Harward testified that, as he continued to process the scene he found that windows in the suite – one in each bedroom, one in the living room and one in the dining area – were all in a “locked position” with the levers facing downwards.

A window in the kitchen dining room area faced south onto a pathway, and a number of small items including a snowman figurine, sat undisturbed on the sill.

READ ALSO: Defence lawyer requests break as blood-soaked clothing shown to courtroom in Berry murder trial

READ ALSO: Oak Bay Sgt. struggles through emotional testimony in double murder trial

Satisfied with his examination of windows from the inside, Harward said he did not examine the exterior of the windows.

Harward said he did not swab every blood sample, or the “pink floaties” in the hallway, moved there by first responders. He did not swab the carpet at the entrance, where he said there may have been cross-contamination from the number of first responders on scene the day prior. And in the absence of information of someone fleeing the scene, Harward did not cordon off areas around the outside of the apartment building for processing.

Harward told the courtroom that based on his assessment of the points of entries, he did not believe that there would be any fingerprints found on scene that did not belong to Berry, Aubrey or Chloe.

Cross-examination of Const. Harward continues Friday morning.



nina.grossman@blackpress.ca

Like us on Facebook and follow us on Twitter

Just Posted

OPINION: Ten signs that Port Alice has changed

“Right now, our lack of amenities is holding back economic growth in our village”

Striking Western Forest Products workers could lose benefits in September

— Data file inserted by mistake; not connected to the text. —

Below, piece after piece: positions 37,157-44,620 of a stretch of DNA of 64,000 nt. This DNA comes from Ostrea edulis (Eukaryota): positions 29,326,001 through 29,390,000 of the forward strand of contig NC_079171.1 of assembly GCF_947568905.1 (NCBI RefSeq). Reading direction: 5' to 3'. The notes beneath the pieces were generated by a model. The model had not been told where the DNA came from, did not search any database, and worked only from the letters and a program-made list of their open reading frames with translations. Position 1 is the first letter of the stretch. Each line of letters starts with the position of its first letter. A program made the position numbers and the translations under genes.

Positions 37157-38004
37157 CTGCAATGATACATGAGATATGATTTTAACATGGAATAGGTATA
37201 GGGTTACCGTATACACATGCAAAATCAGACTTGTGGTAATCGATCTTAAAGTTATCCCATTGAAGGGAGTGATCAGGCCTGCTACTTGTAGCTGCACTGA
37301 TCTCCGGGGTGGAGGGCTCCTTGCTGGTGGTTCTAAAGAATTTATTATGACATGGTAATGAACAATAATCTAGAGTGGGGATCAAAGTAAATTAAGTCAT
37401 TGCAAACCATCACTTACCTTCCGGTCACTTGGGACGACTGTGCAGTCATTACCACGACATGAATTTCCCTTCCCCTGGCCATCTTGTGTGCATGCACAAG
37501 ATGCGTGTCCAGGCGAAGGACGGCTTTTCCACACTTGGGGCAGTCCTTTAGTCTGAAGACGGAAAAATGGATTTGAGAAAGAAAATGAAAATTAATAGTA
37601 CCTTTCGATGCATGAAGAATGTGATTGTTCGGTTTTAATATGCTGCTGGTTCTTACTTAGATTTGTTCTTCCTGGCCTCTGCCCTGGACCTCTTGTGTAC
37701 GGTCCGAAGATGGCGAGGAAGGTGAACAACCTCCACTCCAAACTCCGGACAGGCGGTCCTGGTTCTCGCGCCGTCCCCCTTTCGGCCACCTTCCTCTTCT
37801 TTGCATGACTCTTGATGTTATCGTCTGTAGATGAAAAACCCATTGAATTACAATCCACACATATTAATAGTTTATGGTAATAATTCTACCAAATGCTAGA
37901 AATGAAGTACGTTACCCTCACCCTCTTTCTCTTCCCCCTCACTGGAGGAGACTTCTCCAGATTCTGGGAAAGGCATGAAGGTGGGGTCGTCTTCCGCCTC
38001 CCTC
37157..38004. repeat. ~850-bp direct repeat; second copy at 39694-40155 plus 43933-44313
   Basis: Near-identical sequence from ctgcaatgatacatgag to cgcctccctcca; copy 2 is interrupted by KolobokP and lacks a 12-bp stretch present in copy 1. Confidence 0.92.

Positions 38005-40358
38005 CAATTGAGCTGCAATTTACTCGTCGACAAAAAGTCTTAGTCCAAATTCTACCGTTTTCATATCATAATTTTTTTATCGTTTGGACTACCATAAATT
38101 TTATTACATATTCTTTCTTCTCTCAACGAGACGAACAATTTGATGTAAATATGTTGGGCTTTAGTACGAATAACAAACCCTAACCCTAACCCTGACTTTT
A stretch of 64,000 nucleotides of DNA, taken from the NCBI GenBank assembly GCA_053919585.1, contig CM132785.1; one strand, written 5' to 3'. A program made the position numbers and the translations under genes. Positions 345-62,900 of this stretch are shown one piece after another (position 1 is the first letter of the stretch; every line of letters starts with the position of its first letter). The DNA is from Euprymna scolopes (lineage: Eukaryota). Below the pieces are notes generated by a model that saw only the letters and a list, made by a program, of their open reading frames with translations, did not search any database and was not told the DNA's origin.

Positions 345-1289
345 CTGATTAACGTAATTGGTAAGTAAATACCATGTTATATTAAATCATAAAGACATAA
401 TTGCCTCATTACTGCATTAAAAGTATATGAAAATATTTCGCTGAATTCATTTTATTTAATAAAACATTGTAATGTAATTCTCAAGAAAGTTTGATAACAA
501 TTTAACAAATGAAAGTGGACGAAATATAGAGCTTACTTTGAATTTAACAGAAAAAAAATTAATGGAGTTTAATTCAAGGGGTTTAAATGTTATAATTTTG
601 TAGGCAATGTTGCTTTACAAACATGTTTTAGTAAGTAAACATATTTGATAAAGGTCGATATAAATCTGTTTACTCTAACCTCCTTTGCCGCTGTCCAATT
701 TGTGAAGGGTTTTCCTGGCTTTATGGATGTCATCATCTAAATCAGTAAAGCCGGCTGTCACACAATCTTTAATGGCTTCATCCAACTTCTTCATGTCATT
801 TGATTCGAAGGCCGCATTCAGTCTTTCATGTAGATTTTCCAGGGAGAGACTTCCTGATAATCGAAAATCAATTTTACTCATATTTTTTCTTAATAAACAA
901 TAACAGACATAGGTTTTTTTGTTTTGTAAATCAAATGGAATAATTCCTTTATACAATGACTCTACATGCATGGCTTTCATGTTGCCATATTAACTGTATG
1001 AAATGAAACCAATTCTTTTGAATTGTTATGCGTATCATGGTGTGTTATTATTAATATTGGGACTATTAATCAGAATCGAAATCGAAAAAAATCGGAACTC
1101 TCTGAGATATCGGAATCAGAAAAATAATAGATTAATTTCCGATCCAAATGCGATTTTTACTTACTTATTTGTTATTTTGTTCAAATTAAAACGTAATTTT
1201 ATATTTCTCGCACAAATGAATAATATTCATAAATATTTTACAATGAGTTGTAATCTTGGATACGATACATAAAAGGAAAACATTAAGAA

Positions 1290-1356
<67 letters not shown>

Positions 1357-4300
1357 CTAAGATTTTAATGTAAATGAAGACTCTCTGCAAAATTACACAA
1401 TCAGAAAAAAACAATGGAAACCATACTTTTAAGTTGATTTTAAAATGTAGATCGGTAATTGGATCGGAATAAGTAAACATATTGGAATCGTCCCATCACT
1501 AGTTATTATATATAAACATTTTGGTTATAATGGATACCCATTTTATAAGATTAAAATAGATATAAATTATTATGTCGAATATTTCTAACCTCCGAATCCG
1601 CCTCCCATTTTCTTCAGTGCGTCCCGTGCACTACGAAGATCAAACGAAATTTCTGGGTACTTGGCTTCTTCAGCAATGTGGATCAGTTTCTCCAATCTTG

Union, forest company at odds over Vancouver Island benefit payments as strike enters third month

Port McNeill council discusses ‘bear aware’ and what you can do to stay safe

Port McNeill’s Conservation Officer Brad Adams gave a presentation about being ‘bear aware’.

Port Hardy RCMP release tips to prevent fraud and theft from vehicles

In many of the incidents reported, “the vehicles that were broken into were unlocked.”

Stranded hikers rescued by helicopter on Mt. Schoen

Campbell River Search and Rescue used hoist operation to rescue trio

Trudeau to meet with U.K. and Japanese prime ministers ahead of G7 summit

French President Emmanuel Macron, this year’s G7 host, has little expectations of a unified front from the leaders

Vancouver Island man dead after reported hit-and-run incident

Oceanside RCMP seek public’s help gathering information

Thousands cycle to conquer cancer

The 11th annual Ride to Conquer Cancer took place Saturday morning, Aug. 24 in Surrey, B.C.

PHOTOS: Brazil military begins operations to fight Amazon fires

Amazon fires have become a global issue, escalating tensions between Brazil and European countries

Racist confrontation in Richmond parking lot caught on camera

Woman can be heard yelling racial slurs, swear words at woman in apparent parking dispute

Groups ready campaign to help young voters identify ‘fake news’ in election

The media literacy campaign to focus on identifying misinformation and suspicious sources online

Big rally in northern B.C. draws attention to continuing lumber crisis

Mayor Joan Atkinson says about 400 workers have been directly affected by the closure of the Canfor mill

Orangeville Northmen take Minto Cup at Langley Events Centre

Swept best-of-five series 3-0 over Victoria Shamrocks

Expanded support to help B.C. youth from care attend university still falling short

Inadequate support, limited awareness and eligibility restrictions some of the existing challenges

Most Read